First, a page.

When it comes to the development of new interventions for depression, anxiety, etc., drugs typically get the spotlight. But there’s more in the pipeline than just meds. For instance, deep brain stimulation.

So though the science and technique are still developing for the treatment of depression, in my opinion we’re not talking lobotomies with ice-picks.

Lots of depression treatment hubbub these days, what with the FDA approval of the nasal spray esketamine (Spravato).

But as we look with great hope to new interventions for the mood and anxiety disorders, meds aren’t the only players.

Let’s have a very basic chat about deep brain stimulation (DBS)…

What is deep brain stimulation?

Interesting: I posted an article about deep brain stimulation for the treatment of depression seven years ago. And, go figure, development continues. Funny how that pipeline works, right?

Okay, let’s begin our discussion by talking about what DBS isn’t. That list includes transcranial magnetic stimulation (TMS), transcranial direct current stimulation (TDCS), and electroconvulsive therapy (ECT). By the way, you can enter any of them in the search box above and find some solid information.

The procedure

DBS is an invasive (no craniotomy) procedure involving the implantation of electrodes in target areas deep within the brain.

The electrodes produce electrical impulses that regulate abnormalities, including those of impulse, neurons, and brain chemicals. A pacemaker-like device is implanted under the skin in the upper chest, which governs the amount of stimulation. Reference the featured image.

DBS is currently FDA-approved for the treatment of dystonia, epilepsy, essential tremor, OCD (some very cool things going-on), and Parkinson’s disease. And it continues to be studied for a variety of challenges, such as depression, addiction, chronic pain, multiple sclerosis, dementia, and Tourette syndrome.

Deep brain stimulation for depression

As you likely assumed, DBS becomes a treatment option only after the failure of multiple interventions. So this is about treatment-resistant depression (TRD). Yes, DBS for depression is not FDA-approved, though procedures are being performed “off-label.” It’s a similar arrangement to using ketamine infusions for TRD.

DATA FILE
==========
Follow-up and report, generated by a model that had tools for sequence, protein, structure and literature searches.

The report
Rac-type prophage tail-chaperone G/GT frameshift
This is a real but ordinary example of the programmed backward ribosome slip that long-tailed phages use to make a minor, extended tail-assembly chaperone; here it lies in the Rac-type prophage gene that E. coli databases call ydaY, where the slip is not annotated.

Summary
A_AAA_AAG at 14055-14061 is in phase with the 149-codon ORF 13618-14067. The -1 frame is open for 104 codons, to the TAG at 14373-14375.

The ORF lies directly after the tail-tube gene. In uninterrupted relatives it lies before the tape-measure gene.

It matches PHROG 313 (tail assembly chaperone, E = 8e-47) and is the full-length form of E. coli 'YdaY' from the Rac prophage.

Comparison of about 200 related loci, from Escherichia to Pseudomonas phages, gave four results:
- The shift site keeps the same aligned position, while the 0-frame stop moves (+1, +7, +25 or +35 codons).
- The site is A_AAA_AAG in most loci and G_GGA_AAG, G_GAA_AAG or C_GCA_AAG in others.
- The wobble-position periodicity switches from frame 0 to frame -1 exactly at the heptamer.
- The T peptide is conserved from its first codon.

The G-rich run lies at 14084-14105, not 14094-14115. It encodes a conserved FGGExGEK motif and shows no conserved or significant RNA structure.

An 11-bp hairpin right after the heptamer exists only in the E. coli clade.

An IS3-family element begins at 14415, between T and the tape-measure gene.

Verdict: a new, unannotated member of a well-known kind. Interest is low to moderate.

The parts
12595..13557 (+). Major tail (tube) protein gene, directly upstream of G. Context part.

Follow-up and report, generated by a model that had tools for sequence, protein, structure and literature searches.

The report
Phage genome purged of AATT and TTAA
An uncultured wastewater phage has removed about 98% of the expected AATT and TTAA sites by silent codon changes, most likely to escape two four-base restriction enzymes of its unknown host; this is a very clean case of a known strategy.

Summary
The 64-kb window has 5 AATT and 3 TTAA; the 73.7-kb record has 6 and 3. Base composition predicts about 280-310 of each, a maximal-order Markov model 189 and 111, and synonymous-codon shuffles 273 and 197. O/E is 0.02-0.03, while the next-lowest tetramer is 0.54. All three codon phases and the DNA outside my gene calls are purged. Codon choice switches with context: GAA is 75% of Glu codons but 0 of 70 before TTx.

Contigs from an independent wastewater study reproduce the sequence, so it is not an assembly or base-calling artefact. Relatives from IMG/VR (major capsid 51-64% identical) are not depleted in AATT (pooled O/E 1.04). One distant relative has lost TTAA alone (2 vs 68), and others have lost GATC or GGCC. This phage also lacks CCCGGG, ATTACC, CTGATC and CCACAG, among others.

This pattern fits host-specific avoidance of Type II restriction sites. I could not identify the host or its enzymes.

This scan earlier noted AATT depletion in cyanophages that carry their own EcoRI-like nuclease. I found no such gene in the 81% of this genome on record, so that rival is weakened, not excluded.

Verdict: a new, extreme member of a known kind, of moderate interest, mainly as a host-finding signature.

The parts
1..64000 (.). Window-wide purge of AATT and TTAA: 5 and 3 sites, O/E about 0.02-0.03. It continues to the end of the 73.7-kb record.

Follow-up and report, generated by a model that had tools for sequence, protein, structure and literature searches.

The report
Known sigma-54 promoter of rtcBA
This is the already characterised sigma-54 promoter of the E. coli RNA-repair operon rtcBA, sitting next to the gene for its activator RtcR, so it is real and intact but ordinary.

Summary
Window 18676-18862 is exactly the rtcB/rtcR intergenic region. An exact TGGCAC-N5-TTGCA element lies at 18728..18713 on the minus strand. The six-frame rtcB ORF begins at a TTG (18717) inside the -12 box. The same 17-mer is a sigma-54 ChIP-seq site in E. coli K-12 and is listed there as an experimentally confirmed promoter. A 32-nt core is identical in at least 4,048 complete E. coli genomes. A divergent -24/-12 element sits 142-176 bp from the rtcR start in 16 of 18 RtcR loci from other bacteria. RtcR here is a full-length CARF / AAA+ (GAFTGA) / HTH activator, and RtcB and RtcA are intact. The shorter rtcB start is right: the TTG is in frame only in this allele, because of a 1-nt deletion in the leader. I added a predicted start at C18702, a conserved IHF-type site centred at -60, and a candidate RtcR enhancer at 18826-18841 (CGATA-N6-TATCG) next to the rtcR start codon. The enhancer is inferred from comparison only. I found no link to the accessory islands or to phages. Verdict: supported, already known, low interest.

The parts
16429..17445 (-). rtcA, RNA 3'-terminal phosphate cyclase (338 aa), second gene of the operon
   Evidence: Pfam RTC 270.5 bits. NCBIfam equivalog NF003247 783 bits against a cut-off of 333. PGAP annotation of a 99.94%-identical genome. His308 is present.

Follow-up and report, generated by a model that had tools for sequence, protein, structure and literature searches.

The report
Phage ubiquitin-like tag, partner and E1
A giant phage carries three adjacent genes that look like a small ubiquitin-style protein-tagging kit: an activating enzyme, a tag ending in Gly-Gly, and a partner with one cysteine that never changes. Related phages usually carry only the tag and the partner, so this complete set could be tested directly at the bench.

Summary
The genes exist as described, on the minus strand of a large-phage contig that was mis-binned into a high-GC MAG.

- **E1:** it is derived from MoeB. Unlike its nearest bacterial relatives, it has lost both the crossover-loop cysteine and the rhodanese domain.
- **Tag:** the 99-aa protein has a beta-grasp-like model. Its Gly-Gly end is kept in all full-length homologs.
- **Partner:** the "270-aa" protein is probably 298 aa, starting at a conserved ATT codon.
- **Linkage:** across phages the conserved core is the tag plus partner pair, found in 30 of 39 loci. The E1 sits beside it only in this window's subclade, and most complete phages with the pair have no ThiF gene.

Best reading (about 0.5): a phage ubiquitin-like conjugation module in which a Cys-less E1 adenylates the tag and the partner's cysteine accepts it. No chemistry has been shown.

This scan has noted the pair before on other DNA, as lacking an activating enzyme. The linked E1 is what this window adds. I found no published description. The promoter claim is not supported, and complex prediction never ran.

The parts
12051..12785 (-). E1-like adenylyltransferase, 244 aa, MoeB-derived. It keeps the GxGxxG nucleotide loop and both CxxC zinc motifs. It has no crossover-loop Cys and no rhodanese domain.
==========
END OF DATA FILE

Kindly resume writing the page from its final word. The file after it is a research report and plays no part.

By the way, many clinical trials are in the works. If you’re interested in that sort of info, including participation, head over to clinicaltrials.gov, enter the necessary info into the search box, and have at it.

Now, before we continue, keep in mind that DBS for depression is considered an investigational treatment. Also understand that results over the years have been mixed. That includes complete remission, moderate improvement, no impact at all, and major cognitive and mood disasters.

Targets

what is deep brain stimulation for depression

At this time, the DBS treatment approach for depression is definitely not optimized; however, the numero uno consideration is the stimulation site. Makes a ton of sense, right?

Looking at the image, the red sites are current targets and the green are candidates. We’re not going to review all of them, but among the current targets, the subgenual anterior cingulate cortex (sACC), ventral capsule/ventral striatum (VC/VS), and nucleus accumbens (NAcc) are three of the most used. If you’d like to review them all, check out the article I looked to for reference. I’ll hit you with a link at the end.

Of course, selecting a target site isn’t like playing pin the tail on the donkey. Taken into account are neuroimaging, human and animal studies, and anatomical and functional position based upon what are believed to be the dysfunctional neural circuits in mood disorders – or of their role in neurotransmitter systems. Well, let’s just say some thought goes into it.

Deep brain stimulation: The future

DBS for depression will continue to be performed and studied, with a goal of completely removing the functional abnormalities that generate treatment-resistant depression. And the most important consideration will remain target selection.

And how ’bout this important takeaway from DBS research? Scientists believe that the fact that DBS has produced anti-depressant effects using assorted targets, supports the notion that depression is a neurocircuitry disease involving the gumming up of multiple neural networks. That, as opposed to the issue being just one brain structure.

I mean, that’s huge.

Other important considerations in the ongoing development of DBS for depression include the realities of personalized medicine, which takes into account the specific needs of each patient. That means each DBS procedure will be unique. Refined study design is also key to future efficacy.

So There You Have It

The depression – mood and anxiety disorders – intervention development pipeline is the highway of hope. And, sure, it’s dominated by drugs, but procedures such as deep brain stimulation have to be taken into account.

Absolutely, deep brain stimulation will be an ongoing highway star. And, I might add, who’s to say its efficacy won’t go beyond treatment-resistant, to any depressive presentation?

Okay, here we go. If you had all the money in the world – right now – would you do it?

Featured image: Mayo Clinic

The bulk of the DBS for depression information, including the image, came from “Deep brain stimulation targets for treating depression,” written by Dominik Drobisz and Alena Damborska.

Take the time to peruse the Chipur info and inspiration article titles.

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